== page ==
United States District Court, D. Minnesota
HOWARD G. JACKSON, Plaintiff,
DAVID OSSELL and MELISSA GUNDERSON, Defendants.
G. Jackson, pro se plaintiff.
Stephen J. Christie, for Defendant David Ossell.
ORDER ON MOTION FOR RECUSAL
R. TUNHEIM CHIEF JUDGE
Howard G. Jackson brought this action against Defendants
David Ossell, Melissa Gunderson and the Ramsey County Human
Services Department. The Ramsey County Human Services
Department was subsequently dismissed from this action. (Am.
Order, Apr. 30, 2018, Docket No. 17.) The claims against
Ossell and Gunderson in their official capacities were also
dismissed. (Id.) The only remaining claim is one
based on 42 U.S.C. § 1983, and is brought against Ossell
and Gunderson in their individual capacities. Jackson alleges
that Ossell and Gunderson violated his Fourth Amendment right
to be free from unreasonable searches and seizures.
(See Compl. at 3, Dec. 18, 2017, Docket No. 1; Ex.,
Feb. 20, 2018, Docket No. 6.) Jackson seeks damages for
emotional harm. (Compl. at 4.)
before the Court is Jackson's Motion for Recusal of
Magistrate Judge Becky R. Thorson and Chief Judge John R.
Tunheim. (Mot. for Recusal at 3, March 1, 2019, Docket No.
90.) Jackson also seeks to have Defendants' attorneys
disqualified and removed from the case. (Id.)
Alternatively, Jackson seeks to change the venue.
(Id. at 4.) The Court will deny Jackson's Motion
in its entirety because Jackson has failed to show why he is
entitled to such actions.
alleges the following facts:
time in 2012, Jackson received full physical custody over his
daughter, N.E.W. (See Aff. of Howard G. Jackson
(“Jackson Aff.”) at 2, Sept. 5, 2018, Docket No.
48.) After receiving full custody of N.E.W., Jackson spoke to
his probation officer, M.B., about his receiving custody of
N.E.W. (Id. at 2-3.) M.B., unsure whether Jackson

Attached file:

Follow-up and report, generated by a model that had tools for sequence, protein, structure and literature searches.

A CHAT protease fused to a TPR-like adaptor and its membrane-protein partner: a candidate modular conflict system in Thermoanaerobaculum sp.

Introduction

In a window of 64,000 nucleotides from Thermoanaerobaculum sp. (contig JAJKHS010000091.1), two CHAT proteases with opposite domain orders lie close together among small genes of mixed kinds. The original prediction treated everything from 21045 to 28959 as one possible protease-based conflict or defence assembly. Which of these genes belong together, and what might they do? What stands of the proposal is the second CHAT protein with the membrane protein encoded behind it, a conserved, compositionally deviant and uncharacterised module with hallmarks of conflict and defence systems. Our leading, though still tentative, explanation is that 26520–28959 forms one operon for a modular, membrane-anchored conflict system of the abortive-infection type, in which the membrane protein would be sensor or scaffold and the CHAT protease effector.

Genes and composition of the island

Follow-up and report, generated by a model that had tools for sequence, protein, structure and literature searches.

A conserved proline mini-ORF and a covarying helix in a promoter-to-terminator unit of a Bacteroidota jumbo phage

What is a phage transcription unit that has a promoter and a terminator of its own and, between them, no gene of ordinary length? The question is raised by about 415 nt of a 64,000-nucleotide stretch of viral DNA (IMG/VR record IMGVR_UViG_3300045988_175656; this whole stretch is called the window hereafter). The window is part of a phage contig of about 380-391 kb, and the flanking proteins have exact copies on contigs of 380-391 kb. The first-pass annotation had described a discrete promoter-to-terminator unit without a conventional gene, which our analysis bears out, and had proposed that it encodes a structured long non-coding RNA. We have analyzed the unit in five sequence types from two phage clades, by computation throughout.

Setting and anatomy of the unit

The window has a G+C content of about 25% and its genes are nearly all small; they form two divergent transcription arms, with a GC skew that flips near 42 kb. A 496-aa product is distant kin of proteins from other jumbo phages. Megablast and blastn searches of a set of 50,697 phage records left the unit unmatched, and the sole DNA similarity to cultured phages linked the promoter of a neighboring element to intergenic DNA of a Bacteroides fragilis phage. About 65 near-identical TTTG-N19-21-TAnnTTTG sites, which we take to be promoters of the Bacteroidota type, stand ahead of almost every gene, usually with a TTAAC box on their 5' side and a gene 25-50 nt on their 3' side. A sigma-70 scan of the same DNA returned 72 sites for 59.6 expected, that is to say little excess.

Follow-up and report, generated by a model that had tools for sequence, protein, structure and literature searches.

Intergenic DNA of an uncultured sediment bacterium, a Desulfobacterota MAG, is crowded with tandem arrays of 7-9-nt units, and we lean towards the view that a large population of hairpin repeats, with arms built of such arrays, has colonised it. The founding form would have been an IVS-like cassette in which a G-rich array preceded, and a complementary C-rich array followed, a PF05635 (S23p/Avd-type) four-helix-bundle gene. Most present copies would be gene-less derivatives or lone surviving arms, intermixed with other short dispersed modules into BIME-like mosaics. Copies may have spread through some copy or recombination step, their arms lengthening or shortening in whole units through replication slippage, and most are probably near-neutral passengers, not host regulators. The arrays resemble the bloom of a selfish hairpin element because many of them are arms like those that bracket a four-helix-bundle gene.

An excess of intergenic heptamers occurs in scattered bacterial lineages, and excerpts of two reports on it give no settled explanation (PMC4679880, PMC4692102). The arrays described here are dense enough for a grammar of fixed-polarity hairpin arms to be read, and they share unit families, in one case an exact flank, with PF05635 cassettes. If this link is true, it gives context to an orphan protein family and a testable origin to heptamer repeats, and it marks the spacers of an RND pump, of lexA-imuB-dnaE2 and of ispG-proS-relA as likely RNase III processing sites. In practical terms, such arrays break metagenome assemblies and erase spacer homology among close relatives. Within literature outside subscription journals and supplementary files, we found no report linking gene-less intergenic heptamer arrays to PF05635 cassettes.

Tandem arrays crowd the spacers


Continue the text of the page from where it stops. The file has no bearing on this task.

could have full custody of N.E.W. due to a sex offense
committed by Jackson when he was a minor, informed Jackson
that he would be contacting the Ramsey County Human Services
Department (“Human Services”) to get the correct
answer. (Id. at 3-4.) Even after receiving full
custody of N.E.W., Jackson never had actual custody of her
because he never had the chance to get N.E.W. from her
mother. (Id. at 4.)
M.B. reported to Human Services, Jackson received a call from
Gunderson, a Human Services social worker, requesting to meet
at Jackson's apartment to talk about N.E.W. and whether
Jackson was fit to be a parent. (Id. at 6.) Jackson
declined to meet at his apartment. (Id.) Despite
this, Gunderson and Ossell came to Jackson's apartment
while he was out. (See Id. at 18.) Gunderson and
Ossell informed the landlord of Jackson's apartment, Greg
Mach, that they needed to check within Jackson's
apartment. (Id. at 9.) Mach asked if they had a
warrant, and they responded that they did not have one.
(Id.) Mach then declined to let them into the
apartment. (Id.) Gunderson and Ossell then informed
Mach that they would leave to get a warrant, and that Mach
could get into trouble should there be a child in danger
within the apartment. (See id.) Mach then allowed
Gunderson and Ossell into Jackson's apartment without
Jackson's consent and without a warrant. (Id. at
later returned to his apartment and discovered that the lock
on his door had been changed. (Id. at 11.) When